The Niagara River
The Niagara River
By Kay Ryan
Grove/Atlantic, Paperback, 9780802142221, 72pp.
Publication Date: August 17, 2005
Salon compared the poems in Ryan's last collection to "Faberge eggs, tiny, ingenious devices that inevitably conceal some hidden wonder." The exquisite poems in The Niagara River provide similarly hidden gems. Bafflingly effective, they seem too brief and blithe to pack so much wallop. Intense and relaxed at once, both buoyant and rueful, their singular music appeals to many people. Her poems, products of an immaculately off-kilter mind, have been featured everywhere from the Sunday funnies to New York subways to plaques at the zoo to the pages of The New Yorker.
Ryan’s poems make a singular, angular music that’s not quite like any you’ve heard, with sharp edges, densities of sound and syntax that can acquire the most mysterious clarity, and rhymes that come at you in the same off-kilter way that the observations do. These poems feel as if they were built to last, and they have the passion, precision, and sheer weirdness to do so.” Christian Wiman, editor of Poetry, from the citation accompanying The Ruth Lilly Poetry Prize
Her poems are compact, exhilarating, strange affairs, like Erik Satie miniatures or Joseph Cornell boxes. She is an anomaly in today’s literary culture: as intense and elliptical as Dickinson, as buoyant and rueful as Frost.” J.D. McClatchy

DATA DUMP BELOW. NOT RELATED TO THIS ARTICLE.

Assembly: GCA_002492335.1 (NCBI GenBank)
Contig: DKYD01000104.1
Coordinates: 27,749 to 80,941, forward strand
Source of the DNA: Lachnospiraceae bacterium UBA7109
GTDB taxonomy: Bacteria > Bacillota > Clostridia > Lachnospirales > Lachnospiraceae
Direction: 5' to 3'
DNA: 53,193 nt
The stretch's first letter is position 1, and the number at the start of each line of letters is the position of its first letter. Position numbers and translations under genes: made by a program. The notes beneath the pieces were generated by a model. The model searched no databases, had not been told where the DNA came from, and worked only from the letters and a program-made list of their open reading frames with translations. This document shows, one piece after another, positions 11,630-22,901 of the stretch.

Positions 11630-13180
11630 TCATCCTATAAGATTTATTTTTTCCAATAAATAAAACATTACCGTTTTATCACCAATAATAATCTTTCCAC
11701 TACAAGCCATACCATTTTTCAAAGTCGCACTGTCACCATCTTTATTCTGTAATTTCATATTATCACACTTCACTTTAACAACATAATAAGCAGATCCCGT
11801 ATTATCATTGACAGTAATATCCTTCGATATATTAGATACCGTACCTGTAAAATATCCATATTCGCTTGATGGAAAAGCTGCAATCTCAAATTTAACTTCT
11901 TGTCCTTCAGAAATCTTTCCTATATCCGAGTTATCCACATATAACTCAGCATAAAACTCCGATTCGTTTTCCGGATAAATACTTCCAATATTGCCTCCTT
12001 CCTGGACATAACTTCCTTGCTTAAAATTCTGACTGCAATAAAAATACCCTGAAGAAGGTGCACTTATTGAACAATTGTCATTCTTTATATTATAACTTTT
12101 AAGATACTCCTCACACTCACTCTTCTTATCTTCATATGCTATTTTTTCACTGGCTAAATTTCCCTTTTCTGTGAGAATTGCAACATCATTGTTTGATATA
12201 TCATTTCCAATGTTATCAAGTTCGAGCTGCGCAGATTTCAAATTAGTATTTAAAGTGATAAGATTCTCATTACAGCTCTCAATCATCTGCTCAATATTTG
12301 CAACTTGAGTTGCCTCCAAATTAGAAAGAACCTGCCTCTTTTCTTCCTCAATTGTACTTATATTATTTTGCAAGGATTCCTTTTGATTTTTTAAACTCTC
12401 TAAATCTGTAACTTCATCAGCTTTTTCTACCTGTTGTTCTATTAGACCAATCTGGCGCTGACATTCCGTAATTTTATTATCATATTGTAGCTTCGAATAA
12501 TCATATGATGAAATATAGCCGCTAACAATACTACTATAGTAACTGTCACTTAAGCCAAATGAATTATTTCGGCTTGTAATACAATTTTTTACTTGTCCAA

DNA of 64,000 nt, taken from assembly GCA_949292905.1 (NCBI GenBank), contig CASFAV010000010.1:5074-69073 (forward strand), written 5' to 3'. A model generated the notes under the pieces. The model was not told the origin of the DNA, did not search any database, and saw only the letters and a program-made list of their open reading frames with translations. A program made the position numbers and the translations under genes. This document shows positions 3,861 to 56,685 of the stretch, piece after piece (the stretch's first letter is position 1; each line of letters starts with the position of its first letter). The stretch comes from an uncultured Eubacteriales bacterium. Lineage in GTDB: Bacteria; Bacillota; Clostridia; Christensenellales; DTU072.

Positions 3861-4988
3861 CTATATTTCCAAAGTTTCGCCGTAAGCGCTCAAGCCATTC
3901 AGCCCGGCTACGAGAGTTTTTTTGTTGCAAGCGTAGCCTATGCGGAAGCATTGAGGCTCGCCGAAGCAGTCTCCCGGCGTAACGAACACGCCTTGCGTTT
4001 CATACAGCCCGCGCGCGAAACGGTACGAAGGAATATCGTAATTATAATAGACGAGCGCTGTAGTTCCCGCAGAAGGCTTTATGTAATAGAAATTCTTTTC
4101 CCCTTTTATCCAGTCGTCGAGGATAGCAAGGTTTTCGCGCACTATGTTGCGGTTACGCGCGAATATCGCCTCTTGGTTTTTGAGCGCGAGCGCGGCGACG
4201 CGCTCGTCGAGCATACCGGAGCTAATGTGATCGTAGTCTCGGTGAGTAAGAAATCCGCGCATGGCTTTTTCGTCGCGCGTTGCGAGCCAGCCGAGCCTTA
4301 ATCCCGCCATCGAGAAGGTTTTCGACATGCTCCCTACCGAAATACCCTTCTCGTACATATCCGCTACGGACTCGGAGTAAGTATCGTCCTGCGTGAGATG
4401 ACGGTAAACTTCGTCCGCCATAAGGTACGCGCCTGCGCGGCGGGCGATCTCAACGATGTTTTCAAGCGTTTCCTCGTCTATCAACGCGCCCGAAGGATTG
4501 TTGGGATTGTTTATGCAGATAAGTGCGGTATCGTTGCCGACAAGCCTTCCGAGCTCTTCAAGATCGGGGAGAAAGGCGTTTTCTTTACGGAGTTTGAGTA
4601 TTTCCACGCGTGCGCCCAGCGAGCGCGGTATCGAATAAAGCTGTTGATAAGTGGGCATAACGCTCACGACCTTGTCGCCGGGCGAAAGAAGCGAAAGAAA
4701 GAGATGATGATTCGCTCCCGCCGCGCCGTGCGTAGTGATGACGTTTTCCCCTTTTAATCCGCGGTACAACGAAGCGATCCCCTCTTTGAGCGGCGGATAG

Ryan’s poems leave the reader elevated or changed or moved but at a loss to say exactly how this effect has been wrought. It’s like arm wrestling with the scrawny kid in the schoolyard who pins you before you know what’s happened.” David Yezzi, Poetry
Full-brained poems in a largely half-brained world.” Kirkus Reviews
It’s not Ryan’s logic that makes her poems breathe fire, it’s her illogic, delivered with calm precision, like a masterful change-up pitch.” Kate Moos, Ruminator Review
I can’t think of another poet who makes me laugh as often as she makes me ponder the imponderables.” Laura Miller, Salon
Ryan brazenly questions the extent to which we are in control of, and thus responsible for, our own and others’ suffering. Her work . . . operates in an American tradition stretching from Dickinson through Stevens and Frost to Ammons and Bronk, where fidelity to the natural world works as a scrim for staging such self-exploration. . . . Empathic and wryly unforgiving of the human condition, the poems are equal parts pith and punch. The effect is bracing.” Publishers Weekly